The proposed thesis of this dissertation has both a practical element and theoretical component which aim to answer key questions related to the use of angles-only navigation for autonomous orbital rendezvous. The first and fundamental principle to this work argues that an angles-only navigation filter can determine the relative position and orientation (pose) between two spacecraft to perform the necessary maneuvers and close proximity operations for autonomous orbital rendezvous. Second, the implementation of angles-only navigation for on-orbit applications is looked upon with skeptical eyes because of its perceived limitation of determining the relative range between two vehicles. This assumed, yet little understood subtlety can be formally characterized with a closed-form analytical observability criteria which specifies the necessary and sufficient conditions for determining the relative position and velocity with only angular measurements. With a mathematical expression of the observability criteria, it can be used to (1) identify the orbital rendezvous trajectories and maneuvers that ensure the relative position and velocity are observable for angles-only navigation, (2) quantify the degree or level of observability and (3) compute optimal maneuvers that maximize observability. In summary, the objective of this dissertation is to provide both a practical and theoretical foundation for the advancement of autonomous orbital rendezvous through the use of angles-only navigation.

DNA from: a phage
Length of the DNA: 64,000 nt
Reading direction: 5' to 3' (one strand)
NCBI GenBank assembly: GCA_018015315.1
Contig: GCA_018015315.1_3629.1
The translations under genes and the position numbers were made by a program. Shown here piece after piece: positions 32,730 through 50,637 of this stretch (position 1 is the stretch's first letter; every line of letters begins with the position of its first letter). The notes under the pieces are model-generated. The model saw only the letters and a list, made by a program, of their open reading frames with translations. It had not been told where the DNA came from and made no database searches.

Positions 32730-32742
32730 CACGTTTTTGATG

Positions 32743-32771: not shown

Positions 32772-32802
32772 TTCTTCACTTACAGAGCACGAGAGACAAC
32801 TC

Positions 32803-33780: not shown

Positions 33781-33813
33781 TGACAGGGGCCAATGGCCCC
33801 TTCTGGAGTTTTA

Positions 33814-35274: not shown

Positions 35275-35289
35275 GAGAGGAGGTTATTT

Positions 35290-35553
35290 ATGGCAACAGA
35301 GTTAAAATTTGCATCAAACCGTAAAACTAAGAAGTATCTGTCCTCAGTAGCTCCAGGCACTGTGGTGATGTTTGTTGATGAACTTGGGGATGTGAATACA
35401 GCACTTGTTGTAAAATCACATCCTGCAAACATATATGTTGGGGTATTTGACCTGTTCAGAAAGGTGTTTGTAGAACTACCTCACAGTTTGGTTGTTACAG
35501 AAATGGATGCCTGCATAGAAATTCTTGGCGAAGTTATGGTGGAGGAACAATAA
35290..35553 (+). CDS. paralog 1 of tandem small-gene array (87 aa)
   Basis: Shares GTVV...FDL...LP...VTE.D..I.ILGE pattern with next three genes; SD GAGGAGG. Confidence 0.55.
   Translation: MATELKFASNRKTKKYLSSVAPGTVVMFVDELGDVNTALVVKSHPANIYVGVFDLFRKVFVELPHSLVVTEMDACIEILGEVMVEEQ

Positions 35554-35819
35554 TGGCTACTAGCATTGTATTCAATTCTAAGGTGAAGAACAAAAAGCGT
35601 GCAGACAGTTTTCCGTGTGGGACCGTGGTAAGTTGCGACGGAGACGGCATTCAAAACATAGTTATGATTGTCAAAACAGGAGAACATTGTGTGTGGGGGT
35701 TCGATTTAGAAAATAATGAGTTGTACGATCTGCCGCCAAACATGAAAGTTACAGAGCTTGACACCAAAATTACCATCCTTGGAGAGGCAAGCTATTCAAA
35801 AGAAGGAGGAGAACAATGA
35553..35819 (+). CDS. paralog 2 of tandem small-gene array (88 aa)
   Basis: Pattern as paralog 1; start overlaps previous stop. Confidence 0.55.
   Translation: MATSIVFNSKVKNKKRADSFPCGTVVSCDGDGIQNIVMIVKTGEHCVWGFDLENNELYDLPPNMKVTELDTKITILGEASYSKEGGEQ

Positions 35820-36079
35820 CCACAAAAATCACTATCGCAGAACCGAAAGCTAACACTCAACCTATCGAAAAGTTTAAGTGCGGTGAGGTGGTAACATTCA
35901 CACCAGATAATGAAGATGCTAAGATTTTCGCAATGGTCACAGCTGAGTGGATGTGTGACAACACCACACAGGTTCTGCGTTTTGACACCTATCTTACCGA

|Advisor:||Geller, David K.|
|Commitee:||Fullmer, R. Rees, Swenson, Charles M., Whitmore, Stephen A., Wood, Byard D.|
|School:||Utah State University|
|School Location:||United States -- Utah|
|Source:||DAI-B 69/08, Dissertation Abstracts International|
|Subjects:||Aerospace materials, Mechanical engineering|
|Keywords:||Angles-only, Autonomous, Navigation, Optimal maneuvering, Orbital rendezvous, Pose estimation, Relative navigation|
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